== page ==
The first step in becoming smart is not doing something stupid.


How to manage your own behavior

I’ve learned when you listen and keep your mouth closed that is a first step to smart thinking. You begin to empty your head that is filled with stupid. I speak from personal experience. Do not listen to what you are thinking when they are speaking to you. What you think is important but what they think is more important.

Smart to remove old furniture in your head

We all have a head with what can be described as old furniture, and lots of it, that should have been thrown away a long time ago. Old furniture can prevent us from listening. That old furniture in our heads is preconceived thoughts and beliefs of others we accepted as true. It was not of our independent knowledge.  It takes a lifetime to empty a head of stupid and maybe replace the old junk with accurate information from credible sources regardless of a bias. Bias does not necessarily deny accuracy. When you listen to the other person you may identify old furniture in their head. That contributes to you becoming smart.

Process to your IQ rising

What happens when you listen? When you listen you can focus on what the other person says, you do not become angry because you are attentive beyond yourself. You are being respectful and resolving differences which the fancy word is “conflict.” Nearly all conflict situations are very small in the scheme of life and really do not matter. You know, live and let live. Someone has a different thought or opinion.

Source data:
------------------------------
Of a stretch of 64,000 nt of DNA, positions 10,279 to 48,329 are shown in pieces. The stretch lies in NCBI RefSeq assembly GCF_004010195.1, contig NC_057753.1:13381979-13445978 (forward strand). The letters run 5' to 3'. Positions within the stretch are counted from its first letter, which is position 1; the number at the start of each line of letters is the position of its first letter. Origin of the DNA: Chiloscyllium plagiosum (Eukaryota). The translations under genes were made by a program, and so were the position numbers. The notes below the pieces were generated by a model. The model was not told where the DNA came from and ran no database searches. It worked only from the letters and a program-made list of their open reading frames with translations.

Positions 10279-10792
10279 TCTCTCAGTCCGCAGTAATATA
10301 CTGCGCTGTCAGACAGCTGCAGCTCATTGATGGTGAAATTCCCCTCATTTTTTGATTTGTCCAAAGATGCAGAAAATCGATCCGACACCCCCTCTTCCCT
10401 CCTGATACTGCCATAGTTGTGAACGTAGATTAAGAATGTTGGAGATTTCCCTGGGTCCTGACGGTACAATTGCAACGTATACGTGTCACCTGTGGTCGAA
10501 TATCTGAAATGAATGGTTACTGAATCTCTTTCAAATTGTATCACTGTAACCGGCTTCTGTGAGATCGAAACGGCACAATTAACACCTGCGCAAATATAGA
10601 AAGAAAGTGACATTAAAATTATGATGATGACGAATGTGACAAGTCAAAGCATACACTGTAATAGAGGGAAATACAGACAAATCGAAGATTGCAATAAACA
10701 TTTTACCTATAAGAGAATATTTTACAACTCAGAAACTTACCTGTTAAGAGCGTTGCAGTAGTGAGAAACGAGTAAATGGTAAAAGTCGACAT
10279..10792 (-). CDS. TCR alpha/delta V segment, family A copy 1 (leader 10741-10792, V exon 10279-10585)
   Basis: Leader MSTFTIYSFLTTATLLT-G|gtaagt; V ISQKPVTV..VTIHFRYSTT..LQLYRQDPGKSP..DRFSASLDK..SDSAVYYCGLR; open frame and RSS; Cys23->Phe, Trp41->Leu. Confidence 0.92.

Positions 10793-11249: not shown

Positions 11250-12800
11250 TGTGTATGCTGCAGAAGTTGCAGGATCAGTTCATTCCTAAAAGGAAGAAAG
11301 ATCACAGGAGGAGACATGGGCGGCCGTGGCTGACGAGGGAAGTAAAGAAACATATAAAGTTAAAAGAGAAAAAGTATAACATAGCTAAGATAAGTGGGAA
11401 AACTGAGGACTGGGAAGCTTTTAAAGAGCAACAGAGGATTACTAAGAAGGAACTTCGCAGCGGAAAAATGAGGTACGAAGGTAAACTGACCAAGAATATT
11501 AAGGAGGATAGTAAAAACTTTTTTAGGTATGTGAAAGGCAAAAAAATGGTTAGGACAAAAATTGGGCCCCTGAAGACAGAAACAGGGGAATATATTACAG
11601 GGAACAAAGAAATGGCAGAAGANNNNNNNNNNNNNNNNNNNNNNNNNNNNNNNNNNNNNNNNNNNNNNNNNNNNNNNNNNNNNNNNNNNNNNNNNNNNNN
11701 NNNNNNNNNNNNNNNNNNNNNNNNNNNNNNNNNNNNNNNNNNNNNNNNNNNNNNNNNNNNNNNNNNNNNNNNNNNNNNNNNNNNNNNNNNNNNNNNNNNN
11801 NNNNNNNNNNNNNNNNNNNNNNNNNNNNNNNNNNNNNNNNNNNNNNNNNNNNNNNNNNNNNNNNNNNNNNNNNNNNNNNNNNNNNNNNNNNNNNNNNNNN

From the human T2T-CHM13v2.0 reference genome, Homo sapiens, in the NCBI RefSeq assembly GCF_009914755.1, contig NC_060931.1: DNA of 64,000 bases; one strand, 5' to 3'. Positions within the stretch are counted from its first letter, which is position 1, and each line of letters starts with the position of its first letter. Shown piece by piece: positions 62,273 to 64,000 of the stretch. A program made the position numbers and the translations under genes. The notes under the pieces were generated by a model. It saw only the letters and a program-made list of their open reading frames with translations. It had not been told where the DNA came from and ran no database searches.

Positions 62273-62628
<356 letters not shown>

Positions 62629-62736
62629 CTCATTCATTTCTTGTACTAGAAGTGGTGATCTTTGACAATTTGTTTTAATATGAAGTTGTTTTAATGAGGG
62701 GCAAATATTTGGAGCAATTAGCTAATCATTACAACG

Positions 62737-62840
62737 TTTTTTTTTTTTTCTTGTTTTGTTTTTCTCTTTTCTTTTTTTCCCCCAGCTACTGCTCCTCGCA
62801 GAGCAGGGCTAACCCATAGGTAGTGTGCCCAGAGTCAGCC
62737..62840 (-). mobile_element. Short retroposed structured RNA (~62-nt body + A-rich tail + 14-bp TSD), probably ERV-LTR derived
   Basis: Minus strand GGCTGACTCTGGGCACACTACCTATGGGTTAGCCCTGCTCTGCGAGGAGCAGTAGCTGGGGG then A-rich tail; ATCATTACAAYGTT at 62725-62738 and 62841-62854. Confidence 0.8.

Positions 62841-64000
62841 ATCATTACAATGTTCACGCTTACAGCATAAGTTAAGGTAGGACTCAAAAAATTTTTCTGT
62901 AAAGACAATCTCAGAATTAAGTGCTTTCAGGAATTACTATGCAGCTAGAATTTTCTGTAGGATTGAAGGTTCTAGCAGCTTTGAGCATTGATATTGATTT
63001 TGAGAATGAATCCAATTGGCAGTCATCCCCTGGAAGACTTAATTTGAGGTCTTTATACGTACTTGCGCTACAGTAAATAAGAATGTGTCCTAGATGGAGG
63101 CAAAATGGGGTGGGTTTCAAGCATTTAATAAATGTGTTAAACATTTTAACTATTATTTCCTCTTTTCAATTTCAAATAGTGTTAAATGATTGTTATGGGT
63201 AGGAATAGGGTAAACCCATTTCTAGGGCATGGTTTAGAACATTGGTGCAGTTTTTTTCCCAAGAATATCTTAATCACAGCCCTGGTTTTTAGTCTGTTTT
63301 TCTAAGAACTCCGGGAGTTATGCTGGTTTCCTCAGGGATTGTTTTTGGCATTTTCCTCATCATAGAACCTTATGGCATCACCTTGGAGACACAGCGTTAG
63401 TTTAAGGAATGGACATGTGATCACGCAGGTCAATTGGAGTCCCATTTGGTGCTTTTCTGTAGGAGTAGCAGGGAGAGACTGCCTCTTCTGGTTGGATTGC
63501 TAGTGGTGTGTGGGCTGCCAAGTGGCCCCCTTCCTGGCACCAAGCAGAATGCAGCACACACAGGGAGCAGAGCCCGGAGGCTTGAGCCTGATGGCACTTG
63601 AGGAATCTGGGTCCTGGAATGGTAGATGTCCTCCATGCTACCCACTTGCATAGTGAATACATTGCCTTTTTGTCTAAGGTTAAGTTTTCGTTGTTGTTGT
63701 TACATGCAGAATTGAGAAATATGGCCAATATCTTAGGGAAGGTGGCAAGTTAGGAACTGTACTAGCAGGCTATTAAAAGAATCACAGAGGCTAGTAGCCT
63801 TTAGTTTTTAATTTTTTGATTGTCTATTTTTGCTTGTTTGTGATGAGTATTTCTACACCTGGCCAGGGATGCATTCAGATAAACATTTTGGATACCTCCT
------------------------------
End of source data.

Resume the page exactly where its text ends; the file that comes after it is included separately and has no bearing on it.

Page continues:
Why in nearly all situations do you want to change their thinking? You have your own life to improve. However, the way you approach and manage conflict will influence others to at least understand your position and trust you. Your words have transferred your position into their brain. Once your words enter the air those words stir within their thoughts long after you’ve left them. Let them negotiate your words in their heads and change their own thinking.

Let them speak. It is more important to understand what they say and what motivates them. You don’t need to think about what you want to say. Listen to what the other person is thinking and to their emotions. That builds trust because they believe you are interested and helps you prepare for what you want. Civility begins on how you listen, and in what you say and how you say it. No need to argue. How many battles in your life are worth your time?

What do you do next when you’re listening?

Now that you’re listening to them, what they’re saying and why they say it, you focus on the other person’s concerns or what bothers them, you know, that’s what therapists call “issues.” Lastly you ask them the right problem solving questions with a curious purpose. This shows you care about what is bothering them. It doesn’t matter what you are thinking but it does matter what you say and how you speak the words.

This process works enough to be a 100% improvement in your life. It makes people want to cooperate with you. This is how you train your brain to think smart. They believe you are smart and you help them get smarter in spite of themselves wanting to argue with you. It takes two to get into an argument. If one person will not engage in the argument, there is not an argument, and you’re on your way to winning. And if there is an argument you could win the argument, but it’s like being dead right, you’re dead and relationship is dead too or damaged.